SKC begins on phase two of expansion
Local industry SKC recently began construction on the second phase of a previously announced $100 million expansion at its Covington facility.
The company is constructing a new building and adding a new polyester film manufacturing line, which will boost the company’s core business.
SKC previously said it expected to create 50 jobs in the second phase, but Tom Gray, vice president of operations, said the number of jobs will be finalized in the fourth quarter of 2013 as the new line is expected to be up and running by the second quarter of 2014.
Hiring is expected to begin in mid-to-late 2013, according to a press release. Local officials previously said the jobs would have a salary range of $35,000 to $100,000 with an average wage of $43,000. Gray said the company currently employs 350 employees in addition to outside contractors.
Polyester film is the company’s core business, and its products, including its patented Skyrol product, are used in many industrial applications, including magnetic coating, packaging, graphics, electric insulation, capacitors and many other industrial uses including stamping foil and thermal transfer ribbon.
The new line will complete SKC’s previously announced $100 million expansion, which was announced in late 2010 when the company decided to enter the solar panel field.
Phase one involved the construction of two manu- facturing lines to produce ethylene vinyl acetate film, which encapsulates the solar cells of solar panels to protect them from contamination and physical impacts. Those lines were up and running on Sept. 15, 2011. The solar panel film business was expected to employ around 70 workers.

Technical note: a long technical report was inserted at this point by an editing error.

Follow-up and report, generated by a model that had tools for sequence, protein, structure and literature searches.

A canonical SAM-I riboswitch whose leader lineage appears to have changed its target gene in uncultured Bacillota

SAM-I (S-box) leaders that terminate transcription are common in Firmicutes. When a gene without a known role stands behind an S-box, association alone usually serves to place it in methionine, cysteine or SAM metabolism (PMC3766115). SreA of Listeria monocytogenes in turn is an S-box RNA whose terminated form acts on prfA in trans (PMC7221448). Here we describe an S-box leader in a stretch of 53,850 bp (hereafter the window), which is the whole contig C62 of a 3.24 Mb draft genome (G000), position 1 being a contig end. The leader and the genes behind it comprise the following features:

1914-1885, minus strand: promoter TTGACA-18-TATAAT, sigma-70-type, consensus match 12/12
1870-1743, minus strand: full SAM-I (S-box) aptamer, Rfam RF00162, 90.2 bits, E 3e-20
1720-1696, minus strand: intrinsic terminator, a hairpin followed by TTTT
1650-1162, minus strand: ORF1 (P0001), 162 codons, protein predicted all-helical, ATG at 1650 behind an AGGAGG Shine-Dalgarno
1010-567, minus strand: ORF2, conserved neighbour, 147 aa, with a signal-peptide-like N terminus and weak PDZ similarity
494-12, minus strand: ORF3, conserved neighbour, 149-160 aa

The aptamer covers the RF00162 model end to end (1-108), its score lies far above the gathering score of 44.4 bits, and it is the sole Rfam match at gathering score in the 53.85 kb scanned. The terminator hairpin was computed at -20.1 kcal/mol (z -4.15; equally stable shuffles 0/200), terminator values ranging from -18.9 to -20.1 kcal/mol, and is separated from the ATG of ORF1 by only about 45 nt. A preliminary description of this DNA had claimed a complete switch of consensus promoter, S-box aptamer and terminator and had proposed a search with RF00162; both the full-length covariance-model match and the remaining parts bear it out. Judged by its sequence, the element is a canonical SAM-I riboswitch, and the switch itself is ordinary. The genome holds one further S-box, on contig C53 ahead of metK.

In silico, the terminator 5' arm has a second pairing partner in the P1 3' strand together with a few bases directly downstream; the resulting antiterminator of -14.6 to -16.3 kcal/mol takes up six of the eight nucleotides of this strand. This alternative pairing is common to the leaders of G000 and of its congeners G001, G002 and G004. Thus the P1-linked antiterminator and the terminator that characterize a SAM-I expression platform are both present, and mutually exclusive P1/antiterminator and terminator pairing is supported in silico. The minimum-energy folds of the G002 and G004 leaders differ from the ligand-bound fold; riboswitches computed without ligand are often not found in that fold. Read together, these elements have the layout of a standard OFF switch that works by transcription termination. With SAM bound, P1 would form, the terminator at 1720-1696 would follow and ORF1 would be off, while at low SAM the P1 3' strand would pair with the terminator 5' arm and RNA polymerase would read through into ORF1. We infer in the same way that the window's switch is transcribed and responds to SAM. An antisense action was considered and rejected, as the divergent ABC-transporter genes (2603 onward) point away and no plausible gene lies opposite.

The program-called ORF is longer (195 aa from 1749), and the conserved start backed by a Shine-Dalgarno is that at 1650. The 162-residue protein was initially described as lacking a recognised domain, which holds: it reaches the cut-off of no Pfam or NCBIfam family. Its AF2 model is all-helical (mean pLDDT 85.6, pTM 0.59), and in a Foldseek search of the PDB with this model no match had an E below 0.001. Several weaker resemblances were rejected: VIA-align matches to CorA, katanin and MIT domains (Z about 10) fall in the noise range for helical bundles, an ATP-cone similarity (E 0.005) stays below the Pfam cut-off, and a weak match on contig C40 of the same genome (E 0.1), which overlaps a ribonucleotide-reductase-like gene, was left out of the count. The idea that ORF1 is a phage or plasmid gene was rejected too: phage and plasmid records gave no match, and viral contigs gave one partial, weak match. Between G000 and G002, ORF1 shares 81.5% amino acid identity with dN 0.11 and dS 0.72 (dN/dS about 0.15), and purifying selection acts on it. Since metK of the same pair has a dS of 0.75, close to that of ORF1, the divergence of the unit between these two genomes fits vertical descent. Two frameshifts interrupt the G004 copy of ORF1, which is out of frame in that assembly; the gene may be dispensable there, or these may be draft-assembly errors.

Although they were announced together, Gray said the two phases represent two separate business investments.
Local officials previously estimated that the fully builtout plant would bring in an additional $5.2 million in annual ad valorem tax.
Though SKC’s U.S. headquarters are located at its 389acre campus on Hazelbrand Road in Covington, local governments still competed to land SKC’s expansion. Each phase of the project receives a seven-year tax abatement plan under the incentives agreement reached between SKC and the Newton County Industrial Development Authority. The first three years of each plan will be tax free, while the additional four years will be phased in at a 25 percent tax rate increase per year. SKC was projected to save a total of $6 million in taxes over the life of the project. The state also reportedly offered a multi-million tax incentive.
Authority attorney Frank Turner Jr. said in late 2010 that there are several performance guarantees that SKC must meet in order to get the full local incentive package. One guarantee was that SKC must start phase two within three years of the finish of phase one.
SKC, a South Korean-based company, initially announced it was locating in Covington in 1996 and began operations in 1999 and has expanded its operations since then. In 2010, the company opened a polyurethane systems plant. Polyurethane foam is used as cushion for car seats and furniture and as insulation for homes, refrigerators and other appliances.
The plant was part of an aggressive expansion campaign by SKC called “Double SKC.” Chairman Shin Won Choi said the company was once again setting an example for the world and Consulate General Hae Jin Chun said these two Covington plants were the beginning of a new era for SKC.
As for any continued plans for expansion, Gray said it was too soon to speculate at this time.
“SKC Inc.’s long-term goal is to continue to reinvest in our business as market opportunities present themselves,” he said.